PTSD and PTSI (Post Traumatic Stress Disorder and Post Traumatic Stress Injury) are very much in the news these days, but few really understand just how deadly they can be, much less how stressful they can be to deal with on a daily basis. With the holidays just around the corner and the days growing shorter, these are often the hardest times for anyone trying to cope.
Many First Responders and military personnel are put in situations where they lay their lives on the line to protect their communities and countries on a regular basis. That is understood, and it goes with the job. What isn’t spelled out fallout from the job – the mangled bodies, destroyed property, the ugliness of mankind. These are the visions that swim through the brain – waking and sleeping. Those horrific images can be triggered by a smell, a sound, or even a hint. Sometimes they fade away, but other times, they reach out and strangle. These haunting images destroy marriages, relationships with family, and even lives. It isn’t something that happens to the weak. Even the strongest, most courageous among us are vulnerable. The ones with compassion for their fellow man are often the ones to feel the hidden pain the most.
Of course, there are ways to help. There are medications and counseling available. But the most important part is recognizing PTSD and admitting it. Just think of it this way – someone needed help and made that call that brought skilled and experienced responders to their side. They didn’t hesitate for a moment – They answered that plea for help and made the caller’s need their top priority. They helped them get the care they needed (if at all possible) and made sure they were on their way to get it. So why does society look down on those First Responders who ask for help themselves when our modern society is what caused the situation in the first place? Why don’t they do more to help?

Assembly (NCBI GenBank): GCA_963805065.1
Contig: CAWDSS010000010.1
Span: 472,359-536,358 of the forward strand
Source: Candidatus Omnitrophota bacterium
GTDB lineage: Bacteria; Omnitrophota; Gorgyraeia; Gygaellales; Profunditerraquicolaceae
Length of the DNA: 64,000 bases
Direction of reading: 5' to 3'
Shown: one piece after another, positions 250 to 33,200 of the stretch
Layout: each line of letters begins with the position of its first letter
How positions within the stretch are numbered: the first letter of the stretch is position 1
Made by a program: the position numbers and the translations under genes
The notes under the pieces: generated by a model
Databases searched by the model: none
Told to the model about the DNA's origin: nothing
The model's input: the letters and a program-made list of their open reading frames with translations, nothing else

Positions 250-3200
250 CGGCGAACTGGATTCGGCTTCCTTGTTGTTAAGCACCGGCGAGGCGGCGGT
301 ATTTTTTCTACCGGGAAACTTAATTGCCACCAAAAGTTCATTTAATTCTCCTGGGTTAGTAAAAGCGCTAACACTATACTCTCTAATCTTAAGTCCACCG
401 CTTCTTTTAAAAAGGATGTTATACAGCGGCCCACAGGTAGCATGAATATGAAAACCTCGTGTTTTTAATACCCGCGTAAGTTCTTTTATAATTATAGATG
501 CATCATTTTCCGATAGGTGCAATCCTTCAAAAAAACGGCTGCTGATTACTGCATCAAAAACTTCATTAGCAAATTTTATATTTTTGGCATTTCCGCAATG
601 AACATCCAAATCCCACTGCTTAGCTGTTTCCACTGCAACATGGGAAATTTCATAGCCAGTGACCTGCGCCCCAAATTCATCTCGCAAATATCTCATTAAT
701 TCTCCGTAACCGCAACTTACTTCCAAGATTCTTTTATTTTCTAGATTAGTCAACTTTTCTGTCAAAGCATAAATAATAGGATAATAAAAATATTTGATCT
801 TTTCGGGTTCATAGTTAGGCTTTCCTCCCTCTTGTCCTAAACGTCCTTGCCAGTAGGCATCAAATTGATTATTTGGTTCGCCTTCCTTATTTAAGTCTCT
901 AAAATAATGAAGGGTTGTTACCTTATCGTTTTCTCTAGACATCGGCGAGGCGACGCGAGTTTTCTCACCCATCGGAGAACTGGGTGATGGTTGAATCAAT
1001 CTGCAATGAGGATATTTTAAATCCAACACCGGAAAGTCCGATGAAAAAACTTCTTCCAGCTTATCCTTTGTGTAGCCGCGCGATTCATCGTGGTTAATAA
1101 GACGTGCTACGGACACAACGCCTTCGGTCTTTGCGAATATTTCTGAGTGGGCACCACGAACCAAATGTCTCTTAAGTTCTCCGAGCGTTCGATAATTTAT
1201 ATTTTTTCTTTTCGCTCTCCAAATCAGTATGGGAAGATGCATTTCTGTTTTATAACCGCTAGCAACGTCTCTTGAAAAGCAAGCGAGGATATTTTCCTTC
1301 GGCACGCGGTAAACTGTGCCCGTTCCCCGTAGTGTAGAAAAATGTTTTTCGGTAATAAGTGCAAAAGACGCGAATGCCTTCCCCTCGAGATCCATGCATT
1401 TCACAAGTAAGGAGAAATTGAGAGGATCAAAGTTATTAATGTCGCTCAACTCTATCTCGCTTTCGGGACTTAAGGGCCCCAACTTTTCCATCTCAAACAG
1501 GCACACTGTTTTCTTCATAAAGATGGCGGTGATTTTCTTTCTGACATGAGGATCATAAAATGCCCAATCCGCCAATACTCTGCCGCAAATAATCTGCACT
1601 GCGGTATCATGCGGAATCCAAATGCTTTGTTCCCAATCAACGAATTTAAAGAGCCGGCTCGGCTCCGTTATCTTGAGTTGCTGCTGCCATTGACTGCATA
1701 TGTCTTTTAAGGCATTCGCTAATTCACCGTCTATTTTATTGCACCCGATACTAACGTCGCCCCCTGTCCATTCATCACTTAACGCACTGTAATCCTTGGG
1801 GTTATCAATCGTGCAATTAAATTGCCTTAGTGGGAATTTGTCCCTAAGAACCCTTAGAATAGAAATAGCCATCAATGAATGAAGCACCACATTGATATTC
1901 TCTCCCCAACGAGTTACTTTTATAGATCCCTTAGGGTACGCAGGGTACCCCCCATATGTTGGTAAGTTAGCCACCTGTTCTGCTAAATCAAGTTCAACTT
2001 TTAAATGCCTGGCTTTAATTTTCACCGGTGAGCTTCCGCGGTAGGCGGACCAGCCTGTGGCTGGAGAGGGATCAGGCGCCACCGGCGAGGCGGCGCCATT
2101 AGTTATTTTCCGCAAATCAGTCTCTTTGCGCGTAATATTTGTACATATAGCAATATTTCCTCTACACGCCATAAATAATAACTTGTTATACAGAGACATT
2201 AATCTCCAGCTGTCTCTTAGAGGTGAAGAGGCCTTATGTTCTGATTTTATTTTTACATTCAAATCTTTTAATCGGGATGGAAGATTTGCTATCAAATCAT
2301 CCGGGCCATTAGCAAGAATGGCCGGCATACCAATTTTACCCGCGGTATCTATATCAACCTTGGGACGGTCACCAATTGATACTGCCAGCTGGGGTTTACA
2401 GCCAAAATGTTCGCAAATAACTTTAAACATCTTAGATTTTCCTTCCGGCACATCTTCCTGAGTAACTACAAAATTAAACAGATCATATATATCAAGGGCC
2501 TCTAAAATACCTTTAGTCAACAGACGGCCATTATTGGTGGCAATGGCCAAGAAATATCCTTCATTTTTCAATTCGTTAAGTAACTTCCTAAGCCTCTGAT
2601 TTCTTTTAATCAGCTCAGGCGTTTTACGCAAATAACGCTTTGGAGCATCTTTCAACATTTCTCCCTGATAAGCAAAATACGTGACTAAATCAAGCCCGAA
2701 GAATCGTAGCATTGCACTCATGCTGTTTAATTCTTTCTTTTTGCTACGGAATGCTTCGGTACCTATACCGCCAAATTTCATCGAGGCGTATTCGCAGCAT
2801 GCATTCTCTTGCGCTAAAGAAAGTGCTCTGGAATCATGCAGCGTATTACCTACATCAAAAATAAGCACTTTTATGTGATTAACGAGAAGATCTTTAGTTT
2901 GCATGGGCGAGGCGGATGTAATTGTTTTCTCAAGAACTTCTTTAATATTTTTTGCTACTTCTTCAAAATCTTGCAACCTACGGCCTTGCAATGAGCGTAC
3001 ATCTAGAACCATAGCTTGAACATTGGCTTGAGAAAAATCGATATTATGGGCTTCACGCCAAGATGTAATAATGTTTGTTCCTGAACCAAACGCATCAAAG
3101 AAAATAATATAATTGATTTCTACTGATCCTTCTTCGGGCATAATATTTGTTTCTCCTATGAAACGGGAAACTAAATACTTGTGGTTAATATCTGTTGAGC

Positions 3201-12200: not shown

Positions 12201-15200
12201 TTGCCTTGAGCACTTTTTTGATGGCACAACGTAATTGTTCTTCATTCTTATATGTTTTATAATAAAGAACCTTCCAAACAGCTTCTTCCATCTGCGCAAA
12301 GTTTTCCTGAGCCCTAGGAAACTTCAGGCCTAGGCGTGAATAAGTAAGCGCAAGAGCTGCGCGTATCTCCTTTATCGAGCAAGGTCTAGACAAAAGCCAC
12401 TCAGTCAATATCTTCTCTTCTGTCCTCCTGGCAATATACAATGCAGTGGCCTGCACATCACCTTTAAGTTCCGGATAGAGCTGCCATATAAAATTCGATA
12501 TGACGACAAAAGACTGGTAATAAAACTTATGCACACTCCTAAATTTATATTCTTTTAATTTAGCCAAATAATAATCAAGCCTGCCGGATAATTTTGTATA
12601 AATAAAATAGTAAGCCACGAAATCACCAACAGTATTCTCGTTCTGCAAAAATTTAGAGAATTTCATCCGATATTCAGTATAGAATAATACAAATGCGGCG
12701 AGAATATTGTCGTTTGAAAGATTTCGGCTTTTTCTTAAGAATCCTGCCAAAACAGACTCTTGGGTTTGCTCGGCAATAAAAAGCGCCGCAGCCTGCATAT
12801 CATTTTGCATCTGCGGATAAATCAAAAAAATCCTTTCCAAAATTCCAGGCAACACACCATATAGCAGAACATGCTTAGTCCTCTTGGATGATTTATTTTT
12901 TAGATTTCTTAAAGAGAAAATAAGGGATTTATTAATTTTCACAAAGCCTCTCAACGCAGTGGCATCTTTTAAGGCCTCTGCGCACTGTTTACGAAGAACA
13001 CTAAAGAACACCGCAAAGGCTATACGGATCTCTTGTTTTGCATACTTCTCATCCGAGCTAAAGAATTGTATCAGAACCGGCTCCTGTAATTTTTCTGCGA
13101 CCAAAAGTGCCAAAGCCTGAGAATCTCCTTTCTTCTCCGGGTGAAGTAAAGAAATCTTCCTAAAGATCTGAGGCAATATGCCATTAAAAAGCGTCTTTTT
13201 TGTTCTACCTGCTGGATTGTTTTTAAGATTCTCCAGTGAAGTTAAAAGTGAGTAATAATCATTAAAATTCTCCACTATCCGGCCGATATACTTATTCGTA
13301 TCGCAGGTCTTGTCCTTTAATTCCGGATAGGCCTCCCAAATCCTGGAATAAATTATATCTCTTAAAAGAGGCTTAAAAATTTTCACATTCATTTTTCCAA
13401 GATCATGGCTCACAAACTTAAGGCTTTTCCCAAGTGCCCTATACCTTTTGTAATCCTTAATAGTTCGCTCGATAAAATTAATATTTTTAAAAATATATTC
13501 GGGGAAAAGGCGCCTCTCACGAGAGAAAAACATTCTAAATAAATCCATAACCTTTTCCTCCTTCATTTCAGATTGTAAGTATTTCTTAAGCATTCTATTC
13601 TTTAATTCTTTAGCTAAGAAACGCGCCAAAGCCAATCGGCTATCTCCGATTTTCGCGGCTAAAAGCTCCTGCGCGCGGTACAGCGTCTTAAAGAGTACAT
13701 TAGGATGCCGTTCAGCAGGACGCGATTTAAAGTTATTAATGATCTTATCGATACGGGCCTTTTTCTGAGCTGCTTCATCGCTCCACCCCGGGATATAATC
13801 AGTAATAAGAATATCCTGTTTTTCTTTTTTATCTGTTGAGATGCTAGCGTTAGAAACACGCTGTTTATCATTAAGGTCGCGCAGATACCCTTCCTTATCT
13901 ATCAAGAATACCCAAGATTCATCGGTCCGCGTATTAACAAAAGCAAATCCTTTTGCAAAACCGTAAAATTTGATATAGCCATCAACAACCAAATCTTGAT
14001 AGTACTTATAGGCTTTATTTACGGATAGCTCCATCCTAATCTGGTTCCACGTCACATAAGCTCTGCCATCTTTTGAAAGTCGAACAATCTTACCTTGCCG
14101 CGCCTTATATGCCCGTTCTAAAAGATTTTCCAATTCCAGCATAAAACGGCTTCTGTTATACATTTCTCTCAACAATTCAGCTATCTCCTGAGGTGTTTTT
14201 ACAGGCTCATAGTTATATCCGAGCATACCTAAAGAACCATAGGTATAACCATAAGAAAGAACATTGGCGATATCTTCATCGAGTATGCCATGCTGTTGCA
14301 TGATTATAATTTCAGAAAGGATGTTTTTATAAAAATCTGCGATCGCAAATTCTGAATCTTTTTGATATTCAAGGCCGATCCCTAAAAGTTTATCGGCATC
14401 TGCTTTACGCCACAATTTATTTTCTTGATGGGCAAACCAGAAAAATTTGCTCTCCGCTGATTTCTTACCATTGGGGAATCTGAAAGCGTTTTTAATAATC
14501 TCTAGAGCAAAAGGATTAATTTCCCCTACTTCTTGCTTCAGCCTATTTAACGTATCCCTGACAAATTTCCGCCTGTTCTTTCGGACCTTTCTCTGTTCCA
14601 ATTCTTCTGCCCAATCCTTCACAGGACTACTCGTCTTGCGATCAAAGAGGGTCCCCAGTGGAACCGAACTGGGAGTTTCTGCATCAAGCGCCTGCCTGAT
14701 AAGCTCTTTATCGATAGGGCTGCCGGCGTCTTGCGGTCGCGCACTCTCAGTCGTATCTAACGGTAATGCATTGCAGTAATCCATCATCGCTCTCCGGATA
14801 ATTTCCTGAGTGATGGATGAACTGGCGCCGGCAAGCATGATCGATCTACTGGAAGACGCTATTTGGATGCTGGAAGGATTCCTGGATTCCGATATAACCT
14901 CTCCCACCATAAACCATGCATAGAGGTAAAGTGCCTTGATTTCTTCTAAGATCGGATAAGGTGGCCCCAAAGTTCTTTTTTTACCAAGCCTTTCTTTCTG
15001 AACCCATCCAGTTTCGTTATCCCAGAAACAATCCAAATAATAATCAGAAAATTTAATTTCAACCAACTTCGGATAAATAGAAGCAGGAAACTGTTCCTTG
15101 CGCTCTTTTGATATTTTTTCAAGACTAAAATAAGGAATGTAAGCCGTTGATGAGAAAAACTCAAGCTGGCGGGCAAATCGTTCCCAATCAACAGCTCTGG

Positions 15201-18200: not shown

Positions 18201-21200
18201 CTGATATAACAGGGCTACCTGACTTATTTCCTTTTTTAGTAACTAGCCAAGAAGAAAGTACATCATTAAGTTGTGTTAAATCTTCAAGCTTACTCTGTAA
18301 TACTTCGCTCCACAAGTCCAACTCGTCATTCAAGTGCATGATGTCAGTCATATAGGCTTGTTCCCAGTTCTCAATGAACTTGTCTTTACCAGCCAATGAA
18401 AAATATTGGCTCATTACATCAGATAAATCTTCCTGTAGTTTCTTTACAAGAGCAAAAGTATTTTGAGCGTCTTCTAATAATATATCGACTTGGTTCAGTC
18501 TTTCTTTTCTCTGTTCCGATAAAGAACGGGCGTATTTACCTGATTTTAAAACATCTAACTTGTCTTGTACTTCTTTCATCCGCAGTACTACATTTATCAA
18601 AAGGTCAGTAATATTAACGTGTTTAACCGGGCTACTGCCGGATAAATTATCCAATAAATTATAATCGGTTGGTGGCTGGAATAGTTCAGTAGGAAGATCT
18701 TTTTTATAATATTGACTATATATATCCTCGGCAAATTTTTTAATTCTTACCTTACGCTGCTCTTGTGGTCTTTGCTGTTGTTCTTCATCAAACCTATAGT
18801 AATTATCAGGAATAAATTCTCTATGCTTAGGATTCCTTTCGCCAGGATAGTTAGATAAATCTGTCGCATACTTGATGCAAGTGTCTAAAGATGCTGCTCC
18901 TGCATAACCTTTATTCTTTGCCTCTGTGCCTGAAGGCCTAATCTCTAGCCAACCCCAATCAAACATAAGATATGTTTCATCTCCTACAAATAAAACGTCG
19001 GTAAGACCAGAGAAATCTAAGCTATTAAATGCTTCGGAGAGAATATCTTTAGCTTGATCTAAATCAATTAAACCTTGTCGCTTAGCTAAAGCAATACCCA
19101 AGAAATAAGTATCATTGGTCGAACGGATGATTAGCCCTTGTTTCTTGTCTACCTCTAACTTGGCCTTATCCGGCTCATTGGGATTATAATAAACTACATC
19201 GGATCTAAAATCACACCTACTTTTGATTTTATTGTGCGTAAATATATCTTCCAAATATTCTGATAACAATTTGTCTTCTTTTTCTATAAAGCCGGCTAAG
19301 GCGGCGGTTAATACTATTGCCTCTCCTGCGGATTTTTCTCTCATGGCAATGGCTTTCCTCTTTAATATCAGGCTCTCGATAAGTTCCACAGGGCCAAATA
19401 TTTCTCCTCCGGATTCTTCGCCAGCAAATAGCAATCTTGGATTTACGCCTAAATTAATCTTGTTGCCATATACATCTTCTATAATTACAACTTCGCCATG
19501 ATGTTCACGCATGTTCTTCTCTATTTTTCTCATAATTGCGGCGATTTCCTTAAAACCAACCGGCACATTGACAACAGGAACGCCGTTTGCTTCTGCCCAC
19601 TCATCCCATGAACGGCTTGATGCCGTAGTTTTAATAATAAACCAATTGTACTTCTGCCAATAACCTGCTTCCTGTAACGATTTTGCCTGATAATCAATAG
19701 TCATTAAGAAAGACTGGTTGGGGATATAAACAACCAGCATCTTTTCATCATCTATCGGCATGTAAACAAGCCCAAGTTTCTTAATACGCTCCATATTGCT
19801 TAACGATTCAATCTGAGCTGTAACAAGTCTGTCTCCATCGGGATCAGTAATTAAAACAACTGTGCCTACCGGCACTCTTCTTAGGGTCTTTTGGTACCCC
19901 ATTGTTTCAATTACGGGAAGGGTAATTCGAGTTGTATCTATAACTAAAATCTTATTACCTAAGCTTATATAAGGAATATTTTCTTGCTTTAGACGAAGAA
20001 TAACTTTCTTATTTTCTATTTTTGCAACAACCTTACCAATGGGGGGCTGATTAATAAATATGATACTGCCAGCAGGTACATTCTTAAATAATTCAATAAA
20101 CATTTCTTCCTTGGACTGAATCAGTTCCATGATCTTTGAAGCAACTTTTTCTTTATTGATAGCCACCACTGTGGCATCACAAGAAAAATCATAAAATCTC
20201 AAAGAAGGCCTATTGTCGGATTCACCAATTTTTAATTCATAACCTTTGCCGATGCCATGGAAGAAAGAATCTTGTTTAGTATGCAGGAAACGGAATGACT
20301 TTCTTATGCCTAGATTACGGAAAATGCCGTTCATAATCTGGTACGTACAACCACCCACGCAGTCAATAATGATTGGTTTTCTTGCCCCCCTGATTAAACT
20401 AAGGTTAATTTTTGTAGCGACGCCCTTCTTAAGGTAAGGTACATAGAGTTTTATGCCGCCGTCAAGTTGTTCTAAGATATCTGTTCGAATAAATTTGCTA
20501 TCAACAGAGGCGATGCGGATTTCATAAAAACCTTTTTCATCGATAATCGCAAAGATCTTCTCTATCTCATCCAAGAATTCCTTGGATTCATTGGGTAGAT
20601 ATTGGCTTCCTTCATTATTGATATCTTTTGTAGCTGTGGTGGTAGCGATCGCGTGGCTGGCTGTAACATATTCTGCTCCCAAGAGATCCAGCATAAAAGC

Canada Stitches recognizes just how much strength and courage it takes to reach out for help when you are the one that is supposed to be the helper. The first step is admitting it and then seeking help. Rather than shaming these incredibly brave people, we have chosen to wrap them in our love through our quilts. Our quilts help not only that First Responder but their families as well. We do welcome special requests for our stitched quilts, and we are also participating in making quilts for one of the treatment programs. We do have an urgent need for quilt blocks at this time. The designs are simple. We give you all the information you need to help us help these First Responders. You can view some of our work in our galleries, visit our Facebook page, or even better join us to help make these lives a bit brighter. If you wish to request a quilt, please visit our Requester Page for complete information and examples.